A handful of extremists are holding up Maine’s economic and energy future. They are blocking New England’s access to affordable, clean burning natural gas, keeping us captive to high energy prices during the recent bone-chilling weather.

Enbridge’s Atlantic Bridge, which would move more natural gas into our state, is being held up so Massachusetts can appease a small group of national and local activists — even though the federal government approved the project and deemed it necessary and having minimal impacts.

We all want a robust economy for our families and state. Accessing natural gas can help us achieve both as we continue to develop the technologies necessary for renewable energy.

Natural gas generates roughly half of the region’s electricity. It is abundant and available in the Northeast. But to access it, we need more pipeline capacity to move nearby domestic supplies of natural gas into New England.

A 2015 study for then-Massachusetts Gov. Deval Patrick’s administration concluded Massachusetts alone would need 600 million to 800 million cubic feet per day (cf/d) of incremental pipeline capacity to fuel gas-fired power generation beyond what could be provided by alternative resources. Previously, the New England States Committee on Electricity called for increased capacity of 1 billion cf/d above 2013 levels. The Industrial Energy Consumer Group testified before the Maine Public Utilities Commission that the region needs 2 billion cf/d of new pipeline capacity.

Our lack of pipeline capacity is having a profound impact on the region and was especially heightened during our recent cold weather when energy prices soared.

For several years, ISO New England, the organization charged with making sure most of New England has enough electricity, has been warning us of the danger of insufficient natural gas infrastructure.

In June 2016, its executive director, Gordon van Welie, wrote to then-Energy Secretary Ernest Moniz that “Constraints on the region’s natural gas pipelines, particularly in combination with severe weather and/or contingencies that reduce/eliminate the output from non-gas generators, could endanger reliability and will continue to increase wholesale energy prices.”

The region did not heed these warnings, and they came true in recent weeks.

During our freezing cold snap, natural gas-fired power plants competed for limited supplies with utilities delivering natural gas to heat homes and businesses. There simply was not enough natural gas for both because of a lack of pipeline capacity. As a result, natural gas prices were higher in New England than anywhere else in the entire world.

With much of the region’s natural gas committed to heating and exorbitantly priced, ISO New England instituted its winter reliability plan, placing oil-fueled electric generators into service to meet the demand for electricity.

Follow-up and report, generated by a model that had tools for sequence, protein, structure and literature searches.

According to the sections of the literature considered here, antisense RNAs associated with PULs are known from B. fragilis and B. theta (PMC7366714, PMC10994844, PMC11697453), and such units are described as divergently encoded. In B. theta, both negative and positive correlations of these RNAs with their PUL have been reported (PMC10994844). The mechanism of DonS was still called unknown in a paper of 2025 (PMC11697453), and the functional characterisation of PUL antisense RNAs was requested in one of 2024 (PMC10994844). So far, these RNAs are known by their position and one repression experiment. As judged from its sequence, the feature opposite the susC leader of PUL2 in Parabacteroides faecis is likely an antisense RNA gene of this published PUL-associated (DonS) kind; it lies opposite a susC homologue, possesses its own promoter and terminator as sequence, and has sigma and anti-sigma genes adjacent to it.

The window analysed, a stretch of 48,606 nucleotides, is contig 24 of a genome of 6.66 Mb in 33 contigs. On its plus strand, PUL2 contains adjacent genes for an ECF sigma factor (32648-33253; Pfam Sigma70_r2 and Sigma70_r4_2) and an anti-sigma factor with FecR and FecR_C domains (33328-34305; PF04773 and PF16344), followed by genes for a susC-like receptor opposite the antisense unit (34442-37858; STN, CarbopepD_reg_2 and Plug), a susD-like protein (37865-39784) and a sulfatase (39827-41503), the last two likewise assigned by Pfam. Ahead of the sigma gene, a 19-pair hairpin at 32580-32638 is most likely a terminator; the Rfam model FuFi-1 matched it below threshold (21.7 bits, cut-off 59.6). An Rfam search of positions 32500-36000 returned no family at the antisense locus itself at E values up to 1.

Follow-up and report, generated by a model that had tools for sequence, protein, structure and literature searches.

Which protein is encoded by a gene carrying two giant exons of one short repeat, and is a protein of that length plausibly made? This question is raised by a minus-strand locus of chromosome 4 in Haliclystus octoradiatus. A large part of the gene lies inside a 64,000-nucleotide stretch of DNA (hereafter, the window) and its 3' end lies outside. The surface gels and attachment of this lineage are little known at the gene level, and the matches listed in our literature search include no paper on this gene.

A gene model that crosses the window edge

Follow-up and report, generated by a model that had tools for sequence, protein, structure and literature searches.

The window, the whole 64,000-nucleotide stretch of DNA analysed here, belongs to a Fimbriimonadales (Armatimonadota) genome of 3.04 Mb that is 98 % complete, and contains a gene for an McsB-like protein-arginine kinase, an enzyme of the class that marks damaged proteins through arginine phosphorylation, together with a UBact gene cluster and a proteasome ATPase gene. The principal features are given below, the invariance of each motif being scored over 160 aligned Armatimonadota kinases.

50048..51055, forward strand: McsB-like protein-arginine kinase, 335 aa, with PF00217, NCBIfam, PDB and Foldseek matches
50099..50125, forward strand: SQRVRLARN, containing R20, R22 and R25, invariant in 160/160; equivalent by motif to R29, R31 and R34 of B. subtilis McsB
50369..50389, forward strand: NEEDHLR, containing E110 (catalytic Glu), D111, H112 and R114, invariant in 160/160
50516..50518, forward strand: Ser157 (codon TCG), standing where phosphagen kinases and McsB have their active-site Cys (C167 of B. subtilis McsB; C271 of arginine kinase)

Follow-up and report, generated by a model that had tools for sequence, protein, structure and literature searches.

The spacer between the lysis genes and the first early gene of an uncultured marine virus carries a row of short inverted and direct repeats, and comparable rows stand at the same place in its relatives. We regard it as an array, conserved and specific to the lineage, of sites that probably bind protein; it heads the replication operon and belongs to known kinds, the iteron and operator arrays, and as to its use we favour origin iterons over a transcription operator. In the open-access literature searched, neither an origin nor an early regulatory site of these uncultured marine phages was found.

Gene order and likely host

Over that time, New England used more oil and coal than it normally does. On Christmas Eve, oil generated 2 percent of our electricity. That figure jumped to more than 36 percent on Jan. 6, according to ISO New England’s Cold Weather Operations analysis. It reveals the region burned almost 2 million barrels of oil from Christmas Day to Jan. 9, more than all of 2016 through Dec. 24, 2017. This increase directly affected the oil supply for Maine residents and businesses, shifting it to power generation.

Here in Maine, where oil is predominantly used to heat our homes and businesses and power our commercial and industrial sectors, fuel oil was headed to northern New England, but ISO New England “expected that power plant demand [would] quickly consume those re-supplies.” ISO New England also indicated the region’s “oil inventories are still depleted.”

Of course, the cost of electricity increased during the cold snap as well. ISO New England reports the day-ahead market cost of electricity rose dramatically to a daily average of $68.6 million between Dec. 26 to Jan. 8, up from a daily average of $18.7 million from Dec. 1 through Dec. 25.

So the small group of extremists fighting pipeline expansions in New England hurts us here in Maine on two fronts. Because they have opposed projects like Access Northeast, we have a limited amount of natural gas available for regional electric generation on the coldest days. And delays to Atlantic Bridge deny us access to more cost-effective domestic natural gas supplies for our homes and businesses. Atlantic Bridge’s infrastructure, already authorized by the federal government to be built in Massachusetts, is critical to transporting natural gas molecules into our state.

Additional regional pipeline capacity means Maine will have more reliable and affordable energy to drive our economy and protect ourselves from extreme weather events.

Dana Connors is the president of the Maine State Chamber of Commerce.

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